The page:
Iran Seeks $150 Billion to Target 8 Percent Annual Growth

  • Iran needs money to reduce 24 percent youth unemployment
  • Rouhani says Iran can help fight 'terrorists' in Mideast

Iran needs $150 billion of investment to reach 8 percent growth a year and lower youth unemployment, President Hassan Rouhani said in an address to Iranian-Americans in New York on Saturday.

Last year, Iran created 700,000 new jobs, short of the 800,000 needed for new entrants to the job market, said Rouhani, who is in New York to address the United Nations General Assembly. He was appealing to the Iranian diaspora for greater involvement in the country.

Iran and six world powers reached an historic agreement on July 14 in Vienna to curb Iranian nuclear ambitions in exchange for the easing of international sanctions. The accord survived a 60-day review by the U.S. Congress and is now being examined by the Iranian parliament.

In another part of his speech, Rouhani said Iran offered stability in a region that had witnessed wars, revolutions and natural disaster.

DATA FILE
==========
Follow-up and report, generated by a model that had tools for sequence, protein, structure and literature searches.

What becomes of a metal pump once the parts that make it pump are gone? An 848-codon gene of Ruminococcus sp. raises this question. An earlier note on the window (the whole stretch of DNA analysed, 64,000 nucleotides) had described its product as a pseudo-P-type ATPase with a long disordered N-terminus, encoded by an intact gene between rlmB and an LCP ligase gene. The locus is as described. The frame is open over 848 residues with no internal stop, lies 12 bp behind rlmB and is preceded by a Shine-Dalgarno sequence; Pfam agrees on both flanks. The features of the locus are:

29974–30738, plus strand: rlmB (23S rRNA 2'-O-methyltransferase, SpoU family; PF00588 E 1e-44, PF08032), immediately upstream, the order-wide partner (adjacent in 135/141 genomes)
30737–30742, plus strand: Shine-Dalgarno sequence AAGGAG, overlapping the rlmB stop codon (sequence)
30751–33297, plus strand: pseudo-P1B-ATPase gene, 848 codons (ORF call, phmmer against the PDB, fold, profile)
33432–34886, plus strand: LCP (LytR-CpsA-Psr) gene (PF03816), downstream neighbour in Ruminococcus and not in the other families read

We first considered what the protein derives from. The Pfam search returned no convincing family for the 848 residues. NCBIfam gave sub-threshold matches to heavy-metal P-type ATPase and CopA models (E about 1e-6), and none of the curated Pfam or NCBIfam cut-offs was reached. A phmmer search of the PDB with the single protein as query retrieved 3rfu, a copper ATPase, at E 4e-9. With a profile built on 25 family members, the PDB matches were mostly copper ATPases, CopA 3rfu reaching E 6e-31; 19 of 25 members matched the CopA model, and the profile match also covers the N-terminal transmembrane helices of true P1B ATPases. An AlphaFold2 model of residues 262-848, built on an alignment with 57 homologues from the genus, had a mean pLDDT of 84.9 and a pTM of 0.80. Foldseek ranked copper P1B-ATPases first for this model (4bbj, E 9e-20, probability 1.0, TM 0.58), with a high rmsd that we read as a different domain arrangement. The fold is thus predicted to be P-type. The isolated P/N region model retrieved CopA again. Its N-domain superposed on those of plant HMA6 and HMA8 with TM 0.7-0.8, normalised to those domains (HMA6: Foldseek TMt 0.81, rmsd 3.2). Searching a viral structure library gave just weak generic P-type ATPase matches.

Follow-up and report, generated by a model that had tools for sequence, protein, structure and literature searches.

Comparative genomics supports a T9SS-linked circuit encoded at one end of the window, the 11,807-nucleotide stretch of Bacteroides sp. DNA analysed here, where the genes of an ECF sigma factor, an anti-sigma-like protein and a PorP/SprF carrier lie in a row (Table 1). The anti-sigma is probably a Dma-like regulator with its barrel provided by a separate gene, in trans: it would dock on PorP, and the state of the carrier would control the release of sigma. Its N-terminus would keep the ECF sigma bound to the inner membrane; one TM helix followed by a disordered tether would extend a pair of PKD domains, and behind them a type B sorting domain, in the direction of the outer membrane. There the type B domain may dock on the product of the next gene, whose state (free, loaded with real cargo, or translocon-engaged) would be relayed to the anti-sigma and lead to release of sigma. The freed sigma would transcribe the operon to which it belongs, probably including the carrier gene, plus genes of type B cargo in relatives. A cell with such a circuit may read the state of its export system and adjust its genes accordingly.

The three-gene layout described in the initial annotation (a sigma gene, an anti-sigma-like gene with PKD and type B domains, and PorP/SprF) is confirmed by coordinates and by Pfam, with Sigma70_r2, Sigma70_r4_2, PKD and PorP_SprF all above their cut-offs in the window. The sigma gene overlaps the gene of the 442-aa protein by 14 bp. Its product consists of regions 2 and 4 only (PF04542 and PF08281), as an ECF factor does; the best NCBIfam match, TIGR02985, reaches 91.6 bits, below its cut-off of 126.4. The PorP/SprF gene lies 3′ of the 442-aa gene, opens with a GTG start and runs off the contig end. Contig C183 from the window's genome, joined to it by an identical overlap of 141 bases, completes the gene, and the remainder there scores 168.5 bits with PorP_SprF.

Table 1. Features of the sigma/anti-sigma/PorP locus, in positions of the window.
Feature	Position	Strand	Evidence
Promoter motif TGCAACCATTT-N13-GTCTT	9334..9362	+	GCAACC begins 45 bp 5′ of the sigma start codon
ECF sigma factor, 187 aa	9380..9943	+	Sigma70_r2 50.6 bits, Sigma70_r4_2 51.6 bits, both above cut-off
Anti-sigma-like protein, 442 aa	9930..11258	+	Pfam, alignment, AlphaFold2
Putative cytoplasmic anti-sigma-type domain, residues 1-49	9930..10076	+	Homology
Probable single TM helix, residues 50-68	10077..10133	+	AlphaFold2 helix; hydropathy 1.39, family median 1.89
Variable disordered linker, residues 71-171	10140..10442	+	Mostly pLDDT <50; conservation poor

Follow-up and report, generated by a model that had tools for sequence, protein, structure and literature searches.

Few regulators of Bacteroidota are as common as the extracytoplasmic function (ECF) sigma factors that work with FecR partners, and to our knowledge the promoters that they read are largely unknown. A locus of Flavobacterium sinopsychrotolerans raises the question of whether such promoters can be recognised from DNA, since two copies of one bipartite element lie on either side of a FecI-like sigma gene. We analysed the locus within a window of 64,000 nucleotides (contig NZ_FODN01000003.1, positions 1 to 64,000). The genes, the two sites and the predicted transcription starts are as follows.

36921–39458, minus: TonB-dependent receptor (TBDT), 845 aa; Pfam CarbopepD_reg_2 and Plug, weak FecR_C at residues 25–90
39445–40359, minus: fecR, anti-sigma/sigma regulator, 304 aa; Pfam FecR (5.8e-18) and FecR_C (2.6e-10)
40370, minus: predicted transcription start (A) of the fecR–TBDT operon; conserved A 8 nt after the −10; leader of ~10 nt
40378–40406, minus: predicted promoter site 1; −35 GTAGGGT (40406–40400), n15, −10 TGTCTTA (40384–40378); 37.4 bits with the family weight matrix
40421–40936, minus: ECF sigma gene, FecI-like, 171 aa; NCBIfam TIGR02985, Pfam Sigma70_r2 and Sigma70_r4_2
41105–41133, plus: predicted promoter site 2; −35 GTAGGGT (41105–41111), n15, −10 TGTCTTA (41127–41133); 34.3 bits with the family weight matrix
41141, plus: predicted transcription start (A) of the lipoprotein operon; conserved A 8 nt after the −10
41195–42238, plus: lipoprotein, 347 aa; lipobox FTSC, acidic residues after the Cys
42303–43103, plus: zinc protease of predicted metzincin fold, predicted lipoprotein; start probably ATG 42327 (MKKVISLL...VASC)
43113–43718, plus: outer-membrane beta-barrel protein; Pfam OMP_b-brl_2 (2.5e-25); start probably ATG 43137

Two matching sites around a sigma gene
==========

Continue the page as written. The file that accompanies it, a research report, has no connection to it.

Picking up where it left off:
“In the past we used to export oil; now we export security,” Rouhani said. “Many countries in the region look to Iran’s help to defeat terrorists.”

Separately, the Iranian president told NPR News that Iran is willing to talk to the U.S. about a strategy to resolve the Syrian civil war and defeat militants operating in that country. 

“Any solution that can lead to peace, stability and security -- we will pursue that solution,” Rouhani said in an interview broadcast on Sunday.

Iran’s economy is recovering from tough economic sanctions imposed by the U.S., the European Union and the UN over concerns that the Islamic Republic was pursuing nuclear weapons.

The economy grew 3 percent in 2014 after two years of contraction, while the currency has stabilized and inflation slowed to about 15 percent from 40 percent. However, youth unemployment still hovers around 24 percent, and the World Bank says Iran needs to create 8.5 million new jobs over the next two years.

Iran expects about $29 billion of funds to be unfrozen and repatriated to its central bank by January 2016 at the latest as economic sanctions are eased after July’s nuclear deal, according to Gholamali Kamyab, vice governor for foreign exchange affairs at the bank.

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